It has become clear to most observers that organic certification, Fair Trade branding, and other labels, do not guarantee the social justice or ecological sustainability of food production. Yet in the media, this insight remains a constant source of surprise and disappointment. (Or at least a constant source of story pitches.) Today it is an article in the Guardian, a first-person account of a shopper’s distress at the difficulty of shopping ethically in a large chain supermarket.
First of all, let’s avoid all temptations to be righteous and superior: It’s step in the right direction, when suburban professionals want to shop with even a little fairness and sustainability in mind. It’s a good thing when a capitalist mega-orchard uses less chemicals in order to win the premium “organic” title. It’s important that a London-based writer shares her questions about whether it helps more to buy local on the one hand, or to buy imported organic on the other; and so on.
It’s also urgent to spread the word that these labels and certification processes have been largely hijacked by large producers, and not only as a marketing tactic: Like much regulatory and intellectual-property law, the “organic” certification process has been purposely turned into an expensive and burdensome obstacle, which favors large industrial producers; and which small, truly sustainable growers cannot overcome.
What is unspoken but implicit in the discussion is the evidence of how alienated people—including otherwise socially- and ecologically-aware people—are from the origins of what they eat. The discussion of ethical shopping often comes down to the dilemma, frequently stated quite plainly, of a concerned person at the market. They stand there, looking at different labels and promises, and wondering, “How can I really know where my food is coming from?” The answer is so obvious, that it should be striking: The key to knowing where your food comes from is, to know where your food comes from. The way to know what chemicals were sprayed on your vegetables is, to know what chemicals were sprayed on your vegetables, in the same way that you know what chemicals have been sprayed in your kitchen.
Not everyone can grow all their own food, or even live close enough to a large enough variety of appropriate producers to fulfill all their needs. But this is the choice we have made as a culture; other choices are possible. All the little failures of label and certification are only symptoms of something larger. Most urban shoppers can’t easily have a personal relationship with a farmer, of course… but most people don’t even know their shopkeepers, much less the small army of buyers, distributors, other middlemen, regulators, and inspectors, who make up the profit-driven labyrinth between the tomato plants and the produce section. The truth is so simple, in a way, that its hard not to spew yet more tautologies: In a system of buying and selling in which only price and profit matter, only price and profit matter.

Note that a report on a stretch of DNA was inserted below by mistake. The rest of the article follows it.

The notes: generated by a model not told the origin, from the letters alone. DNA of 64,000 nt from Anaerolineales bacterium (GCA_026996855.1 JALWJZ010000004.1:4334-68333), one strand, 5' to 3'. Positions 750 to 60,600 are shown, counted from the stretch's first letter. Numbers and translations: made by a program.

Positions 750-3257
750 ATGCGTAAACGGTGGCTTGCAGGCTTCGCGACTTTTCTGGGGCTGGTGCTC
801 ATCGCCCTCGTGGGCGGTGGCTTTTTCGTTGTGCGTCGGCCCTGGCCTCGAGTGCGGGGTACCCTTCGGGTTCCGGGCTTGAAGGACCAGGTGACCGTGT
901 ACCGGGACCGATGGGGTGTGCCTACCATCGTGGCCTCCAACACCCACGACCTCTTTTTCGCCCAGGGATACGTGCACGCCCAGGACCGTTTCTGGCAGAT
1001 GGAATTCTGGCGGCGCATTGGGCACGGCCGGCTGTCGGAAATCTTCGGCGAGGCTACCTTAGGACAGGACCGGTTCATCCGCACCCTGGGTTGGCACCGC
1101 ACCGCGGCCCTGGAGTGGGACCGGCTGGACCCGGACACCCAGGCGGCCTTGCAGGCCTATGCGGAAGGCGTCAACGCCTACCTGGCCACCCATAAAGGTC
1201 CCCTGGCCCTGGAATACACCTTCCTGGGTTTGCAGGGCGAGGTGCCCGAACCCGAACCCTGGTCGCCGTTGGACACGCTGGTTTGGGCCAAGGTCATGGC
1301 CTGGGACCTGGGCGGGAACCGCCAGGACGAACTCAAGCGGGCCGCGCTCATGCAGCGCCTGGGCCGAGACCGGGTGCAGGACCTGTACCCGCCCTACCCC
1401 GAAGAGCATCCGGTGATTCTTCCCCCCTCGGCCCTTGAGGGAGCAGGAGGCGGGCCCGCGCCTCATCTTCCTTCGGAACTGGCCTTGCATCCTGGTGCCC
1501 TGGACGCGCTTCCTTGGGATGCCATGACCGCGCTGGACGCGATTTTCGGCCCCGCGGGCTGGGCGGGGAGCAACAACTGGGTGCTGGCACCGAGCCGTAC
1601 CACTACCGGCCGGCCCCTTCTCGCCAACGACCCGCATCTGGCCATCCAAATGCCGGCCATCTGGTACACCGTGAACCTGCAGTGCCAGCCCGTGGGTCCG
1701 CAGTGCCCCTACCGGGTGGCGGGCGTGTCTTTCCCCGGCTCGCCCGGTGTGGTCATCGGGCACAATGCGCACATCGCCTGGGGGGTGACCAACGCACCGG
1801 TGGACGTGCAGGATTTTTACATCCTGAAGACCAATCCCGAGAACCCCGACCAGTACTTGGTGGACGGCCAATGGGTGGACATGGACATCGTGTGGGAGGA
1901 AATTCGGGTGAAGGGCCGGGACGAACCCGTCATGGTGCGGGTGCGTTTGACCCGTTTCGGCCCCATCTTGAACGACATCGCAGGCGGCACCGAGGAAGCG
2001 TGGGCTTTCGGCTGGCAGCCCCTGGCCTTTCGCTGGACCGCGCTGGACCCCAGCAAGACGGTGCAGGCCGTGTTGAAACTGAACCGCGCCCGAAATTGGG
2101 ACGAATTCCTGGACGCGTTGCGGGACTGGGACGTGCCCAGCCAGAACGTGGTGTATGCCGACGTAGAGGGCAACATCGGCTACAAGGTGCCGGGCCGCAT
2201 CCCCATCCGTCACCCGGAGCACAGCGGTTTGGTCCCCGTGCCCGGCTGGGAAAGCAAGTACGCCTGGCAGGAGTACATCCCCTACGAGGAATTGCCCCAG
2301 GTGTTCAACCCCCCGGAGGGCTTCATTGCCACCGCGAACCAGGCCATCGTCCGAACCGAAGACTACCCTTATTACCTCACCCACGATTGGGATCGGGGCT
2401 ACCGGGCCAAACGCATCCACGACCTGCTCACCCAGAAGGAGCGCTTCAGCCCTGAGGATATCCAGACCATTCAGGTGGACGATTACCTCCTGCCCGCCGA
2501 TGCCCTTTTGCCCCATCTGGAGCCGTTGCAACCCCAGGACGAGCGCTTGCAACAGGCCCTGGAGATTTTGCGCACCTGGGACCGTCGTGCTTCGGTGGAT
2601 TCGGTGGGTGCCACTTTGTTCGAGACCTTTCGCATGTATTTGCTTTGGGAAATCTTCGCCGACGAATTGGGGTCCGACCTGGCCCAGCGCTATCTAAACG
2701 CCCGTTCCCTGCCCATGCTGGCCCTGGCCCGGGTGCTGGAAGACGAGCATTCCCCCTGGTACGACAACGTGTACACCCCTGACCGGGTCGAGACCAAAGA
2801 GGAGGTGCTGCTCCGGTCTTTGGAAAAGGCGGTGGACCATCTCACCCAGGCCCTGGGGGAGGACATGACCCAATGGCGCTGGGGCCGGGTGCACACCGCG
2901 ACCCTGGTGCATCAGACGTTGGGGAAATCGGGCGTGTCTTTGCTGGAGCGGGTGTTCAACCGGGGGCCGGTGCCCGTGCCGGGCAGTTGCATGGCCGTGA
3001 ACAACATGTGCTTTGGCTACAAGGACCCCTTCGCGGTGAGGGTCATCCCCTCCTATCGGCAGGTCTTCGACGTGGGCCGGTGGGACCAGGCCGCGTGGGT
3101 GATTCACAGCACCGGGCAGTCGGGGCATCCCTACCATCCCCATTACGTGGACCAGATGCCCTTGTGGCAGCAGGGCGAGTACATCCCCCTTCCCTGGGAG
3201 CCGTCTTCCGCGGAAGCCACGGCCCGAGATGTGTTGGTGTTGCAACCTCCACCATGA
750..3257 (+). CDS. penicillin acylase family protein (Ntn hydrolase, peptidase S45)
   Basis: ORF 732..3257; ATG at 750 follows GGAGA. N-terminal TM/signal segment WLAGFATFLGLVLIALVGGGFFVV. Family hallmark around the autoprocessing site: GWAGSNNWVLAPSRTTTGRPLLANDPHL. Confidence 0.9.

A less-centralized system of food production is not only possible; as fuel and transport prices rise, it’s inevitable. Maybe it will be a radical re-ruralization; maybe it will be a gentle shift in urban shopping habits, favoring the local and seasonal. The real change will be when consumers make choices based on human relationships and trust, and not based on brand-recognition and price. There is nothing preventing anyone from looking for a shopkeeper, whom they trust to care about human ethics and the environment. But not enough people are doing so now to make many such business viable. Notice that I am talking about a trusting relationship with a shopkeeper, and not with a chain, or a brand, or a label. I am talking about a person, a specific human being, an equal, a compañero who happens to sell produce.
Democracy and the free market live up to their advertising, in that they are both quite responsive to their publics. If voters and shoppers want to feel like they’re doing something green and socially responsible, while not changing anything about the way they live; be assured that corporations and governments are ready to echo this lazy hypocrisy with empty words and symbolic gestures. If you want to feel like you care, drive your Prius to Whole Foods*. If you actually care, find other people that actually care, and help create a solution.*If you have to drive and shop at a big supermarket, by all means drive a Prius and shop at Whole Foods, and accept my gratitude that you are doing what you can.